He graduated from Sentinel High School, then Missoula County High School, and served as a smokejumper for four years in the 1960s. While he and Hope passed through Missoula, 25 of his former classmates held a reunion.
“I don’t think they really wanted to say hello to me. I think they just wanted to meet my new wife,” Erik said.
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Despite growing up in Missoula, Erik managed to put off fly-fishing for most of his life. With the help of Chase Robeson of Blackfoot River Outfitters, he and Hope will get a lesson in “fly-fishing 101.”
For the past 11 years, Robeson has guided couples like Hope and Erik on the Blackfoot River.
“The river’s my office. You can’t beat that,” he said.
While Erik and Hope got their bearings in the raft, Joel Isaacs and Bill Goslin waited their turn to launch. Gosling busied himself by trying to get a hook threaded onto his line. It didn’t want to cooperate.
“I’m going to give it one more try, then you can take it,” Gosling said to Isaacs.
Isaacs, who has come to the Blackfoot for more than three years, helped his father with the clinch knot before loading up the fly rod.
“I haven’t fished much in 20 years. I’m out here to get back into it. I can’t even thread a hook anymore,” said Goslin.
“And that’s what he’s got me for,” said Isaacs.
While Gosling works for the U.S. Forest Service, Isaacs makes his living working with metal. From his shop in Milltown, he takes a plasma torch to 55-gallon drums to create artwork featured in galleries and for local businesses. His customers include Big Sky Brewing Co., El Diablo and Market on Front.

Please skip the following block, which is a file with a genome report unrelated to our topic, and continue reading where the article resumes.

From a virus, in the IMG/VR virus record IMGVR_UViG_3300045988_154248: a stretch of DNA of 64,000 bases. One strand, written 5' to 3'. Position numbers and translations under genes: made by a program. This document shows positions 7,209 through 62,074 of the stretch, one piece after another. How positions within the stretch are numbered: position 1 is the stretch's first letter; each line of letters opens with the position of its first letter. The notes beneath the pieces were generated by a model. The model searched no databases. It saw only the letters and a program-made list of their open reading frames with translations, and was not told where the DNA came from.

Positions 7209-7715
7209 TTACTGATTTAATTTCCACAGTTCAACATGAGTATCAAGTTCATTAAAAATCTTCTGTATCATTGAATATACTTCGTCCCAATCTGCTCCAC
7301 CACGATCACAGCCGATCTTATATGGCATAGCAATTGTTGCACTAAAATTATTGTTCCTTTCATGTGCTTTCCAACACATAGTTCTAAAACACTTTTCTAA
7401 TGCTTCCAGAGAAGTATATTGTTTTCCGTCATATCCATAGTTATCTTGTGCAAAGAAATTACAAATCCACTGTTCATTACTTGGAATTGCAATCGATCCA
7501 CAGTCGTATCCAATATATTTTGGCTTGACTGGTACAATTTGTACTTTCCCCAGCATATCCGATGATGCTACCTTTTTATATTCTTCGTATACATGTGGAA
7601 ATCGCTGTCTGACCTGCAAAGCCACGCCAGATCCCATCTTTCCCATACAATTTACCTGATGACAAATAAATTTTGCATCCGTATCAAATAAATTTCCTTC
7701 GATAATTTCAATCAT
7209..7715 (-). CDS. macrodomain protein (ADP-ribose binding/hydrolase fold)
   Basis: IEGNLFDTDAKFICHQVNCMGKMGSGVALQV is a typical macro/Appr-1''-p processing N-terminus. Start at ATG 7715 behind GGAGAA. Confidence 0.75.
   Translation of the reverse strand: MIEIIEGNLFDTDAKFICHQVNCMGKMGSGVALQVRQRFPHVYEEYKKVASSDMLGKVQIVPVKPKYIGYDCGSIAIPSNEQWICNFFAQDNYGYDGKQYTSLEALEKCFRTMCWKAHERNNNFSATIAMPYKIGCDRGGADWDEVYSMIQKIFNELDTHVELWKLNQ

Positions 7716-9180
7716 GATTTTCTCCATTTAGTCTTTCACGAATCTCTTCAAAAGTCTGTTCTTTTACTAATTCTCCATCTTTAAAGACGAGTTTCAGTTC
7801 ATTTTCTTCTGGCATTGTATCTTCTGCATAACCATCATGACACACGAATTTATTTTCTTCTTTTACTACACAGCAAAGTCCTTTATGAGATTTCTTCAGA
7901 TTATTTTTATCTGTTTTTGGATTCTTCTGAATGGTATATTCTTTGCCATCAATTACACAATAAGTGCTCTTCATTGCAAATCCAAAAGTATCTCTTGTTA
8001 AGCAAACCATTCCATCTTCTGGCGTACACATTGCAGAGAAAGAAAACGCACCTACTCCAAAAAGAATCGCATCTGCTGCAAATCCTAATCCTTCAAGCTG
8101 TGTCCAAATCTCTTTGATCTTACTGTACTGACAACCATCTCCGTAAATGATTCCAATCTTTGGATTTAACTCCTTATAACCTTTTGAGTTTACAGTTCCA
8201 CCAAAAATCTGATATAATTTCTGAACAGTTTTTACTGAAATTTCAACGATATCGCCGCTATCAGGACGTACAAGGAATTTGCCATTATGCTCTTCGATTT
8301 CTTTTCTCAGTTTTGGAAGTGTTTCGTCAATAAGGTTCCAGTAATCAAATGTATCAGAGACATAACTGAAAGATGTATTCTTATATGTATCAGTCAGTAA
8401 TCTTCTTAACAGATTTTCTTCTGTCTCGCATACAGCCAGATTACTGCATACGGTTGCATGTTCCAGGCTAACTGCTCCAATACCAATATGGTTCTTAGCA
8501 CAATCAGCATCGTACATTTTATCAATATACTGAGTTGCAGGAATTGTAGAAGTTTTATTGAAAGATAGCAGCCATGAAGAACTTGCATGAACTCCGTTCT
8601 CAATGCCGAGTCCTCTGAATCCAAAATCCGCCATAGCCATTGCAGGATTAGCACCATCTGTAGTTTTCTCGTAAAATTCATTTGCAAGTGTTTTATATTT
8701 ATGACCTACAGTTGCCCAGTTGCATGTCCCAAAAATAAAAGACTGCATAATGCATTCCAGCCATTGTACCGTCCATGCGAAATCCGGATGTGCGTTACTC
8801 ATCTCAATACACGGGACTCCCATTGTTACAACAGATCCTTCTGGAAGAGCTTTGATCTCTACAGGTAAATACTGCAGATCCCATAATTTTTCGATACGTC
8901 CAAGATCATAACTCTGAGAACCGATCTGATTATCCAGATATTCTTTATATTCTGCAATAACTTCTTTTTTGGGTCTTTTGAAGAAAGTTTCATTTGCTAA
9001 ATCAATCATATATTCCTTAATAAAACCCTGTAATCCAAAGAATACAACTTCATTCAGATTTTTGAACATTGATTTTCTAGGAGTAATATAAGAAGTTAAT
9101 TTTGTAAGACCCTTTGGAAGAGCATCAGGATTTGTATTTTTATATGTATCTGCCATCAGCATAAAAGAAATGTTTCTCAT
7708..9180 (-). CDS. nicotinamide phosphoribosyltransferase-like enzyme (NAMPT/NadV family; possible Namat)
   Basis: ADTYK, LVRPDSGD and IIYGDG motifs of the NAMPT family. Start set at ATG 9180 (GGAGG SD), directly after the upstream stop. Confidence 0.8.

“I have to wear a respirator all day, but out here I get to breathe the fresh air,” he said.
From the Whitaker Bridge, the path forks off onto Ninemile Prairie Road, a rough ride that takes travelers back to Route 200. Ken Mahar, minding the branches of a Saskatoon serviceberry, waded a few feet into the river in the shadow of the highway’s overpass.
“I’m going to try a roll cast, since I don’t have a lot of room,” he said.
Mahar, traveling with his family, said he cast his first line when he was 12. His son, 7-year-old Max, was on his second day of fly-fishing and “already addicted.” Casting a few yards downriver from his father, he had a little trouble keeping his line out of the rapids.
Near the launch, Molly Mahar thumbed through "50 Things Wacky Animals Do" with Juliet. Juliet, 5, occasionally wandered off to climb rocks nearby or cross the wooden studs of the launch.
For their summer vacation, the Mahars went on a road trip from their cabin in Washington state, to Helena, and back for Molly’s high school reunion.
Wherever the river looked ideal, they stopped and unpacked the fly rods.
"We haven't stopped nearly as often as I'd like," Ken said.
While Ken and Max prefer fishing, Molly said she and Juliet are the adventurers. Despite learning how to ford a river and scaling several boulders during their trip, neither made it onto Juliet’s list of her favorite things about Montana.
When asked, she said she liked the pizza she ate at Seeley Lake, and the Symphony Under the Stars fireworks show in Helena.
“We’ve been driving and fishing, and driving and fishing, then hiking and then finding a camp the whole way,” Molly said.
So progress had been slow, with not nearly as many stops as Ken would like.
“The lure of the Blackfoot was too much,” she said.